spend it all, it makes provision for the future by taking out insurance
policies, it provides more generously for the father or mother living in
retirement and this is what we're going to do as a nation. We've said clearly
how we're going to do it and in our future election broadcasts my colleagues
will be coming along to show exactly what we propose to do and how we're
going to do it. It's just a matter of common sense and of common humanity,
deciding which things are important, which things must be done first, but
it does mean having a government, a government which isn't afraid to take
decisions, a government which won't sit back and let the money-makers,
the take-over bidders, the tycoons, shape our future. A government which
is concerned with the national interest, the interest of mothers and fathers
and individual families. A government of the people, yes but we believe
bringing in all the people, not just a privileged few. It's a tremendously
[the rest of the transcript is missing]
2nd October 1964
ANTHONY WEDGEWOOD BENN:
The Conservative message in this Election is
really very simple. Everything's all right. There's nothing to worry about.
Leave it to us. To get this message across they've spent millions of pounds,
in hired advertising agencies, paid actors to appear on posters, had hand-picked
street interviews, the whole apparatus of advertising normally used for
selling soap or detergents or washing powders or tooth paste. But in our
hearts we know this picture of Britain is not true.
Now there's no point in beating about the bush any longer.
We've got to face facts and face facts now. This country is lurching towards
the biggest economic crisis since the war. Britain is losing over one million
pounds every day. The gap between what we export and what we import has
been widening for the last fifteen months and the very latest figures show
that this gap is growing faster and faster. This is a crisis which affects
every single one of us. If the present trend continues it will mean that
our jobs, our wages, our hire-purchase payments, our mortgage rates, are all in jeopardy. Now I know
that Mr Maudling half denies it but then the Tory Leaders denied that there
was a crisis in 1955 and after that we had the Credit Squeeze; they denied
that there was a crisis in 1960 after which we had the infamous Pay Pause.
But the situation to-day is far more serious than either of those examples.
All of us in Britain and especially the Conservatives must face this fact
for until we do there is no hope of our being able to do anything about
it. However, what is even more worrying than the economic situation itself
is the fact that the Conservatives still pretend that nothing is really
the matter and that nothing should be done. Conservative Leaders in a last
desperate attempt to cling to office are holding this country to ransom
for Party political reasons. This is both blind and irresponsible. For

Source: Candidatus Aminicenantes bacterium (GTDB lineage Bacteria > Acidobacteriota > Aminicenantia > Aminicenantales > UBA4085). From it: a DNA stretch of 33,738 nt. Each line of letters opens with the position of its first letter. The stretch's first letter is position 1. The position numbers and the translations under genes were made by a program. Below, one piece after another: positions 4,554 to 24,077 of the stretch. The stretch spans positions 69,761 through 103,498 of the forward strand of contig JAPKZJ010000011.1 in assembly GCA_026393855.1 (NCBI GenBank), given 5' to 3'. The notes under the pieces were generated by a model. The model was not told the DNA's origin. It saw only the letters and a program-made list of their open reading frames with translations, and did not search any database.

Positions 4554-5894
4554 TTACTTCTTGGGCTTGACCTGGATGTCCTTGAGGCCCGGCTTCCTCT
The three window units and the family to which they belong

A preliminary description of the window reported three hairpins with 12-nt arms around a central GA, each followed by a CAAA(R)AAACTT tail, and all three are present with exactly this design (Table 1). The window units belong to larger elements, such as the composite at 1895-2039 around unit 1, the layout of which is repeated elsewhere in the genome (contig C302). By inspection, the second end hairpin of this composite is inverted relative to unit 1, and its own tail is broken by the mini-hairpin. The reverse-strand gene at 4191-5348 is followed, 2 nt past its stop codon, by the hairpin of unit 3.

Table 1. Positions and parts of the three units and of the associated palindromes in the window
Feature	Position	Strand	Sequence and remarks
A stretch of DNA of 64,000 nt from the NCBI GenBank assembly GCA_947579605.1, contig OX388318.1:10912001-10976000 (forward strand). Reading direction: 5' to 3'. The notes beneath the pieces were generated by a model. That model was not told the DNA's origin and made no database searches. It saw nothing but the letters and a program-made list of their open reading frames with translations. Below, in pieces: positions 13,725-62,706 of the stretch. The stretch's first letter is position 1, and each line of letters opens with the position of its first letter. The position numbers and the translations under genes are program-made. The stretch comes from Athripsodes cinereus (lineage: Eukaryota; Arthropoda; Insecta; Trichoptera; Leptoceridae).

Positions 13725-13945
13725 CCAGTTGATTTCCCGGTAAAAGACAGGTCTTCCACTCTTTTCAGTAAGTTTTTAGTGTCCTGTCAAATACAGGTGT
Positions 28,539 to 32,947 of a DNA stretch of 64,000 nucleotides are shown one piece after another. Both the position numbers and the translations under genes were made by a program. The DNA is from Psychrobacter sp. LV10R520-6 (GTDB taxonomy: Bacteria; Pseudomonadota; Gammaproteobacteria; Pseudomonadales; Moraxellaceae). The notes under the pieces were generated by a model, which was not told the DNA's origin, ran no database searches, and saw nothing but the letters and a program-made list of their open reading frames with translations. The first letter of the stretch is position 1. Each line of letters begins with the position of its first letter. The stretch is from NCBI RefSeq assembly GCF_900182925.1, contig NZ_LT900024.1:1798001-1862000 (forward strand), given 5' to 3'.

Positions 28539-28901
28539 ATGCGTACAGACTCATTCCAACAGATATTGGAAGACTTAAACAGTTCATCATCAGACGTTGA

the next government, whichever Party it is, will have to pay very dearly
indeed for this mistake. There is one over-riding reason why we are now
faced with this crisis. The Conservatives throughout their thirteen years
have refused to plan - our roads, houses, schools, hospitals are utterly
inadequate for this reason. And abroad, we are falling behind the other
industrial countries of the world. They are exporting far more than we
are. To-night I want to show you not only what is wrong but also, and this
is far more important, how the Labour Government will plan the new Britain.
Examples of bad planning are not hard to find. Look around you at the
long delays, frustrating waits, all our cities seem to be jammed with cars.
And it's the same on holiday too - long waits, heavy lorries on the roads,
many of them dangerous, no transport planning here. Motorway construction
- too slow and badly planned as well. For the railways it's been another
story - the axe, the axe wielded by Dr. Beeching, hundreds of stations
to be closed, thousands of miles of line that could have played a useful
part in economic development.
No social costing here, just pounds shillings and pence. And for those
people who really could be fitted into new towns, a government failure
to plan ahead. For the Tories it's been the Rent Act - thousands of people
evicted, Mr Henry Brooke the Minister responsible. Those who are looking
for homes in our new towns find the same signs everywhere Offices to be
let, to be let, to be let. It's the same with education - some beautiful
new comprehensive schools built but many other schools in appalling condition
- the figures Mr Hogg won't release. Bad planning. Over-sized classes.
All this could have been anticipated if someone had looked ahead. The worst
example - our old industrial areas, worst victims of stop and go, left
to decay and only last year eight hundred thousand men out of work because
of stop and go. Bad planning once again.
Nowhere is it more clear the consequences of the absence
of planning and real government than what has happened in Scotland during
these past thirteen years. We've seen Scotland become a land of diminishing
opportunity. In thirteen Tory years we've lost three hundred and seventy
thousand people; they've left Scotland - mainly young men of talent, skill
and craft, crowding into the already over-crowded South and the Midlands.
This can't go on. If Scotland is going to be able to play its part in the